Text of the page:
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Boston Massachusetts Guide

Boston is the "capital" of New England, with history, excellent museums, musical performances, beautiful parks, great restaurants (lobster dinners!), fine hotels and plenty of shopping.

Boston from the Charles River
Charles River Esplanade with Back Bay behind.

Introducing Boston

Called "the Athens of America" during the 19th century, Boston is the capital of the Commonwealth (state) of Massachusetts and a major university area, with Berklee, Boston University, Brandeis, Harvard, Massachusetts Institute of Technology, Northeastern, Tufts, Wellesley, and dozens of smaller institutions. Tens of thousands of college students in Boston, Cambridge and neighboring cities keep Boston's spirit young.

Rowers on the Charles River at Harvard, Cambridge MA
Rowers on the Charles River at Harvard University, Cambridge MA

Emphasis on learning also gives Boston world-class fine art museums such as the Museum of Fine Arts, Gardner Museum, and Institute of Contemporary Art, as well as other learning centers such as the Museum of Science, and the John F Kennedy Presidential Library & Museum, not to mention the great museums in Cambridge.

It's also one of the world's greatest high-tech hubs for computers, software, pharmaceuticals, architecture, aerospace, data processing, information services, science, medical research and technology.

It's home to the Boston Celtics (basketball), the Boston Bruins (ice hockey), the Boston Red Sox (baseball), the New England Patriots (football), the New England Revolution (soccer) as well as the Boston Symphony Orchestra and Boston Pops. And yet Boston is one of the most livable and manageable cities in the world, with the big-city economic and cultural resources, but small-city spirit and pace of life.

Greater Boston

Although Greater Boston today is home for over half of the seven million people of Massachusetts, the City of Boston itself is a fairly small area with a population of about 675,000. But if one adds in the populations of the neighboring cities such as Brookline, Cambridge, Somerville and more, the total comes to five million.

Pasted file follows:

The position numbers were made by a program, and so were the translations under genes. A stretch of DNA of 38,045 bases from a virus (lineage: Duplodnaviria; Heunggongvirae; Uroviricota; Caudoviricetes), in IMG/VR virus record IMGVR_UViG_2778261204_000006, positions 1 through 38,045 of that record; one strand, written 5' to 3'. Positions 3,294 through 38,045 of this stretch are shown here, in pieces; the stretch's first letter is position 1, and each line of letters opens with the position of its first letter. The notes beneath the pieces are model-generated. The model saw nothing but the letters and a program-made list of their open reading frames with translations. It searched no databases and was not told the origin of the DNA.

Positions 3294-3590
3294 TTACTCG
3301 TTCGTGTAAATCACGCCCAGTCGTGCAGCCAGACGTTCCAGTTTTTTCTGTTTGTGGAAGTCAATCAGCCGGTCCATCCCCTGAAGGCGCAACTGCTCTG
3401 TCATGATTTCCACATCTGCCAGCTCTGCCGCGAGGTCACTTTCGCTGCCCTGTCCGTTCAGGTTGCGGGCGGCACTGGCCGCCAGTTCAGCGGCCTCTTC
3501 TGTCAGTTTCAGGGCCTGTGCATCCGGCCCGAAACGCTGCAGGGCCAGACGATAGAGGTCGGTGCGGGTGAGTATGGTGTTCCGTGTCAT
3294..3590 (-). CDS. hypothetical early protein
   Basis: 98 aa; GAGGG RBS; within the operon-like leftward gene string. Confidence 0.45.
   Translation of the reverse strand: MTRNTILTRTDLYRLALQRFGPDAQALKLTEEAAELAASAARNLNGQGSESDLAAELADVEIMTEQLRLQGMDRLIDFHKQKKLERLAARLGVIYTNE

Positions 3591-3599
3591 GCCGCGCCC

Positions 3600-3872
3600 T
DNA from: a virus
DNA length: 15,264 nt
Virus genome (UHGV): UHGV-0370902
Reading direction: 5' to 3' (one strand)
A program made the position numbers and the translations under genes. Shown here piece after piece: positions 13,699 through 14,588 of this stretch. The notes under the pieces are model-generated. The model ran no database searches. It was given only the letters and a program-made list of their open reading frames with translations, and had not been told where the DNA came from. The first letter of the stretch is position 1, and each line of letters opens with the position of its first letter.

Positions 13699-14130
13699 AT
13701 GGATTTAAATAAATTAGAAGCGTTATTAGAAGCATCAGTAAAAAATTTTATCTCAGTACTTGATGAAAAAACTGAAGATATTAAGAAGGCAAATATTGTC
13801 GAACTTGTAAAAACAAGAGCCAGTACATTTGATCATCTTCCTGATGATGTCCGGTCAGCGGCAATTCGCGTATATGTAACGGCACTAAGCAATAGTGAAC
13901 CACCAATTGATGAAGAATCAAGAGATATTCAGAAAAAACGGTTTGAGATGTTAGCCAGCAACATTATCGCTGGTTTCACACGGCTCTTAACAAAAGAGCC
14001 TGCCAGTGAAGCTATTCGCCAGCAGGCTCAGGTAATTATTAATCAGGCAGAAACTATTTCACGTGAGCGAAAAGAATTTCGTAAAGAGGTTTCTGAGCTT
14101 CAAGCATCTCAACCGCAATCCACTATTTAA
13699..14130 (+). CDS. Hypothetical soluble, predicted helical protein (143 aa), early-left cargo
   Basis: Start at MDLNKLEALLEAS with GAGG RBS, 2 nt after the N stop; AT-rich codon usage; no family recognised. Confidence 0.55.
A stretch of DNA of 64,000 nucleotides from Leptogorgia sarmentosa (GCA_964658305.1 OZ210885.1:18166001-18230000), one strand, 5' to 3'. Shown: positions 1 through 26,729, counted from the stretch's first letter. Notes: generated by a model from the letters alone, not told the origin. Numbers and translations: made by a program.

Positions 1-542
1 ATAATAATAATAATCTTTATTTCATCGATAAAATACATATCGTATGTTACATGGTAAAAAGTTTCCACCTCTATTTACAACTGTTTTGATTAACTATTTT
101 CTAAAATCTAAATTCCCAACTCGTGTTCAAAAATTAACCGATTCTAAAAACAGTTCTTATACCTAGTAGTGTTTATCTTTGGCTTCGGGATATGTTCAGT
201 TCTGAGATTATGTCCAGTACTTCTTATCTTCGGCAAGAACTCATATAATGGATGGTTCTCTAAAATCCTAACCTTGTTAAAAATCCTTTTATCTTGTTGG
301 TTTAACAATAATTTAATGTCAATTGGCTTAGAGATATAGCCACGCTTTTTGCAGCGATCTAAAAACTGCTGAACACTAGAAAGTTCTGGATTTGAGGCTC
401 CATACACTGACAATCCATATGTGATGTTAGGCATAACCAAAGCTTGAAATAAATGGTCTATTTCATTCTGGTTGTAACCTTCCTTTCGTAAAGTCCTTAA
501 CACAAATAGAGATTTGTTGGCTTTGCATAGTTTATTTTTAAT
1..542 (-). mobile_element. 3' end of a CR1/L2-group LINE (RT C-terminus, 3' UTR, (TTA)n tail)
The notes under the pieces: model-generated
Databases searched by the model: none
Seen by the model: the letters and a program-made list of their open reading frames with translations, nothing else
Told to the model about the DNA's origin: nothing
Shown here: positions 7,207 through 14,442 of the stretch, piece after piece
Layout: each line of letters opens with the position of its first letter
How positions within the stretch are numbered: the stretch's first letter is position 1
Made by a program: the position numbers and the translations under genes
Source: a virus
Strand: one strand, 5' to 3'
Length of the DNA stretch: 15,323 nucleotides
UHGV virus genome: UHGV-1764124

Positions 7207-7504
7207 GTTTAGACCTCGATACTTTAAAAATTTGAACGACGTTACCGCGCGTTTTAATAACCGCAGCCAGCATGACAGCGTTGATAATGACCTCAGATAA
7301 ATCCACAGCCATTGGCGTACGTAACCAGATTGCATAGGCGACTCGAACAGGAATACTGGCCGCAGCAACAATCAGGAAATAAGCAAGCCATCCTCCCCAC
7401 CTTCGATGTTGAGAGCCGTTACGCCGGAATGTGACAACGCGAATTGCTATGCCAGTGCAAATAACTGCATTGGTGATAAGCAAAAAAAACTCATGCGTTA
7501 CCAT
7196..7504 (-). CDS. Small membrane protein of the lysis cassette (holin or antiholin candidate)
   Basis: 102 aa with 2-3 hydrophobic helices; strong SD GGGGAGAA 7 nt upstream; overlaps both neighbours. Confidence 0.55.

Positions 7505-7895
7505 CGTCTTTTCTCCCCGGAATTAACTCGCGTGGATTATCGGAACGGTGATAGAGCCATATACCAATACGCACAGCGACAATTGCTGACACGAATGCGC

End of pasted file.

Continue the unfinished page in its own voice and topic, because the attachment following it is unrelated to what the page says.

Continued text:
Boston's Freedom Trail

First-time visitors should follow Boston's Freedom Trail to find colonial and Revolutionary War-era sights including Boston Common, Beacon Hill, Faneuil Hall, Bunker Hill, Old North Church, Paul Revere's house, USS Constitution ("Old Ironsides") and more.

Boston Common
The Freedom Trail starts on Boston Common, the people's park in the city center.

Boston National Historical Park

Much of Boston's historic downtown area is now part of the Boston National Historical Park. Some of the islands in Boston Harbor are part of the Boston Harbor Islands National Recreation Area.

Fort Warren (1860), the Civil War-era fortress on Georges Island in Boston Harbor.

The National Parks Service maintains this website and Visitor Centers in historic Faneuil Hall and the Charlestown Navy Yard. Free guided tours of historic sites are available in the spring and summer. You'll see park rangers here and there at historic spots, ready to help with directions or information. More...

Finding Your Way in Boston

Finding your way around Boston and neighboring Cambridge is not particularly easy, what with rivers, bays, hills and centuries-old colonial street patterns, so here's how to do it.

Where to Stay

Here are Boston's best hotels by area so you can choose the one that will put you within walking distance of what you want to see and do. More...


Boston Transportation

Public transportation (subway, bus, Commuter Rail, trains, airplanes and ferryboats) can help as well. More...

MBTA public transit map.
Public transit lines in downtown Boston. Click on the map for the full PDF version.

Day-Trips from Boston

It's easy to take day-trip excursions from Boston north to Salem, Gloucester and Cape Ann; west to Lexington and Concord; south to Plymouth, Quincy and Cape Cod. More...

Orchard House, home of the Alcotts in Concord MA.
Orchard House, home of the Alcotts in Concord MA, 20 miles (32 km) west of Boston.